INFO[0000] All validation tests have completed successfully

Step 2: Verify the created bundle content

  • The bundle folder

As we see the bundle folder contains subfolders with information which still were on the local machine when we executed our example operator as a deployment on the Kubernetes cluster using the  make deploy command.

The bundle does contain all needed information to install, run and handle versioning for the operator so that Operator Lifecycle Manager (OLM) can manage the example frontend operator later in a Kubernetes cluster.

These are the newly created folders:

  • manifests
  • metadata
  • test/scorecard
  • The reference to the controller-manager image

In the bundle.mainfests folder we find the frontendoperator.clusterserviceversion.yaml file, that file contains the location information of the controller-manager container image . We provided that information as a parameter in the make bundle command.

  • Also in the config.manifests folder a new subfolder called bases was created

Here we see important Cluster Service Version (CSV)

This the content of the ClusterServiceVersion yaml.

kind: ClusterServiceVersion
    alm-examples: '[]'
    capabilities: Basic Install
  name: frontendoperator.v0.0.0
  namespace: placeholder
  apiservicedefinitions: {}
    - description: TenancyFrontend is the Schema for the tenancyfrontends API
      displayName: Tenancy Frontend
      kind: TenancyFrontend
      version: v1alpha1
  description: This is an example operator to deploy a simple web application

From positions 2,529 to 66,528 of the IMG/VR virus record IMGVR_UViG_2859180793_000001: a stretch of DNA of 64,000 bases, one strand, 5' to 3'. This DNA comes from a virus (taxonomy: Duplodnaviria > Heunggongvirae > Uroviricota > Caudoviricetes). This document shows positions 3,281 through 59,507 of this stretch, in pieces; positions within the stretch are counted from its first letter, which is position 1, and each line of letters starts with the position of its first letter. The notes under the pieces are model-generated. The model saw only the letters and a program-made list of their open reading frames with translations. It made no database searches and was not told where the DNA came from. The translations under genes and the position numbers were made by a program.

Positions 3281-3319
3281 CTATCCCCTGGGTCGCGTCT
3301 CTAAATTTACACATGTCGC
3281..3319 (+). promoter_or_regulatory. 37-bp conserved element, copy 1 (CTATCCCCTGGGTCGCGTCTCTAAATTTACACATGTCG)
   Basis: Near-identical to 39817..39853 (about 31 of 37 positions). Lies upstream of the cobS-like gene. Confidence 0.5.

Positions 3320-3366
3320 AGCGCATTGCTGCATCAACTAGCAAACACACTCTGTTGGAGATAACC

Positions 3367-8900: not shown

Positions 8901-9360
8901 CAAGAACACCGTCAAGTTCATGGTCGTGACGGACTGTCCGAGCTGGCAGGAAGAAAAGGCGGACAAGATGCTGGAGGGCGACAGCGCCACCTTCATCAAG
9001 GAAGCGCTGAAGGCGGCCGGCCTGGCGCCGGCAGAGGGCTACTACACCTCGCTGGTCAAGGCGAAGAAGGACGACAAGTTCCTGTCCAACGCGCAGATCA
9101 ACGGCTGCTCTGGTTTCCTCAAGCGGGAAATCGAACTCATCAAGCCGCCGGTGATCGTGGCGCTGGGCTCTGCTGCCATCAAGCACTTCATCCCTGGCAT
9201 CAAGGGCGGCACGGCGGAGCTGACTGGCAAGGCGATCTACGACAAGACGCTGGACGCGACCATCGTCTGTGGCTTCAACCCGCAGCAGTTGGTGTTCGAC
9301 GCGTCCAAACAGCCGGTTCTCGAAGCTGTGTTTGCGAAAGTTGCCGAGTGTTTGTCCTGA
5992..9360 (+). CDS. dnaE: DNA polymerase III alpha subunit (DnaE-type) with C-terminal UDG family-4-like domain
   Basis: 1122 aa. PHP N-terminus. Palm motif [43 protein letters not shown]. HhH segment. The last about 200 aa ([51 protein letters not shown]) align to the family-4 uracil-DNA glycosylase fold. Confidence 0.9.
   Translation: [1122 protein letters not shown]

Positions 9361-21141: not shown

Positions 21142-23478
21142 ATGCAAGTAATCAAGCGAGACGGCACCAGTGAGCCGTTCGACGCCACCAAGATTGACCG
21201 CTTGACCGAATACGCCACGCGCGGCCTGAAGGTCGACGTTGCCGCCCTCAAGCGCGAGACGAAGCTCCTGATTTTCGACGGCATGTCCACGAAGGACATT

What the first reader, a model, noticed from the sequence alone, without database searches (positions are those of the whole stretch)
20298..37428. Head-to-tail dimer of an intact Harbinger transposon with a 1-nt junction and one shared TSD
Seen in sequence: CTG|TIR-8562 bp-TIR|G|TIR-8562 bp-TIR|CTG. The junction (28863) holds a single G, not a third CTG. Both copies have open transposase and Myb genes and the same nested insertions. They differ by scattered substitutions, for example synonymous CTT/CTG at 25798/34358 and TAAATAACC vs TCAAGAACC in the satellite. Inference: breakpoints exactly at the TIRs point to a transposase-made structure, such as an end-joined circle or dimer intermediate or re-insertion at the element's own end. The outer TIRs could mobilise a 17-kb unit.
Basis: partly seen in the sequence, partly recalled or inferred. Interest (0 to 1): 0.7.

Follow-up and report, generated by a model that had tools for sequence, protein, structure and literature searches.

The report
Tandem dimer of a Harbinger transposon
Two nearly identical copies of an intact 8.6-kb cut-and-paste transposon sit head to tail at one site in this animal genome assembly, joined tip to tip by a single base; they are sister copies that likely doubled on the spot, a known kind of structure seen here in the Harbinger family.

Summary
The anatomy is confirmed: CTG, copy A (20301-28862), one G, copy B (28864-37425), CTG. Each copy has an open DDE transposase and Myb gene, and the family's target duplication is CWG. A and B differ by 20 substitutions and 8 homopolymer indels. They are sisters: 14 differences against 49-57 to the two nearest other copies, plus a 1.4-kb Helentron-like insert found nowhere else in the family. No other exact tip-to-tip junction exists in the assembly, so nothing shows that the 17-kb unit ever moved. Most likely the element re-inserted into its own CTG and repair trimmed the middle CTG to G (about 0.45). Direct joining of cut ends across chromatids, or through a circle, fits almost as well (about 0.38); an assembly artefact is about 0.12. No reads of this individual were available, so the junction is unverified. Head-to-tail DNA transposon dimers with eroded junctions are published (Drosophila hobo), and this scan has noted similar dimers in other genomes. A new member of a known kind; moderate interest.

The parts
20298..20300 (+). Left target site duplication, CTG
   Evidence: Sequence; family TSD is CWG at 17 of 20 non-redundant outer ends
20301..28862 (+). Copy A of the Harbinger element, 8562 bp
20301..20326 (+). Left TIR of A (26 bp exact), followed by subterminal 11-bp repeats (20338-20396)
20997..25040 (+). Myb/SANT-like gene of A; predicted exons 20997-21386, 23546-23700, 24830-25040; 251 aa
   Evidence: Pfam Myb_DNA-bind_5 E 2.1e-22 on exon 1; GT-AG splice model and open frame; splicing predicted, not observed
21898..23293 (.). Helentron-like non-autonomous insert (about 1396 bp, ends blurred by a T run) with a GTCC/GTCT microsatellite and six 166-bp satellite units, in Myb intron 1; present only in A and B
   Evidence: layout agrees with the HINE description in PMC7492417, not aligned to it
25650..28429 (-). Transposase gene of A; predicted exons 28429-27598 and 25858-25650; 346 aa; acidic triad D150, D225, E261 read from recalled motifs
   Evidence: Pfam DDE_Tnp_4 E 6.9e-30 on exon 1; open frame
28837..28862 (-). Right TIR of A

displayName: FrontendOperator
  - base64data: ""
    mediatype: ""
      deployments: null
    strategy: ""
  - supported: false
    type: OwnNamespace
  - supported: false
    type: SingleNamespace
  - supported: false
    type: MultiNamespace
  - supported: true
    type: AllNamespaces
  - example
  - go
  - webapplication
  - ngnix
  - name: Frontendoperator
    url: https://frontendoperator.domain
  maturity: alpha
    name: Thomas Suedbroecker
  version: 0.0.0
  • The bundle.Dockerfile
FROM scratch

# Core bundle labels.

# Labels for testing.

# Copy files to locations specified by labels.
COPY bundle/manifests /manifests/
COPY bundle/metadata /metadata/
COPY bundle/tests/scorecard /tests/scorecard/

Step 3: Build the bundle locally

Now we will build the image using the makefile. We use as the container registry for the container image.

docker login

export REGISTRY=''
export ORG='tsuedbroecker'
export BUNDLEIMAGE='bundlefrontendoperator:v3'

In the makefile we see how the command to build-bundle is realized and which parameter we need to specify.

.PHONY: bundle-build
bundle-build: ## Build the bundle image.
    docker build -f bundle.Dockerfile -t $(BUNDLE_IMG) .

  • Build the container using the make file

Step 4: Push the bundle to the container registry



We created a bundle for our operator, but we can’t run the bundle without an Operator Lifecycle Manager (OLM). The next blog post will cover that topic. (Run an operator using a bundle with an Operator Lifecycle Manager (OLM))

I hope this was useful to you and let’s see what’s next?



#operator, #operatorsdk, #kubernetes, #bundle, #olm, #operatorlearningjourney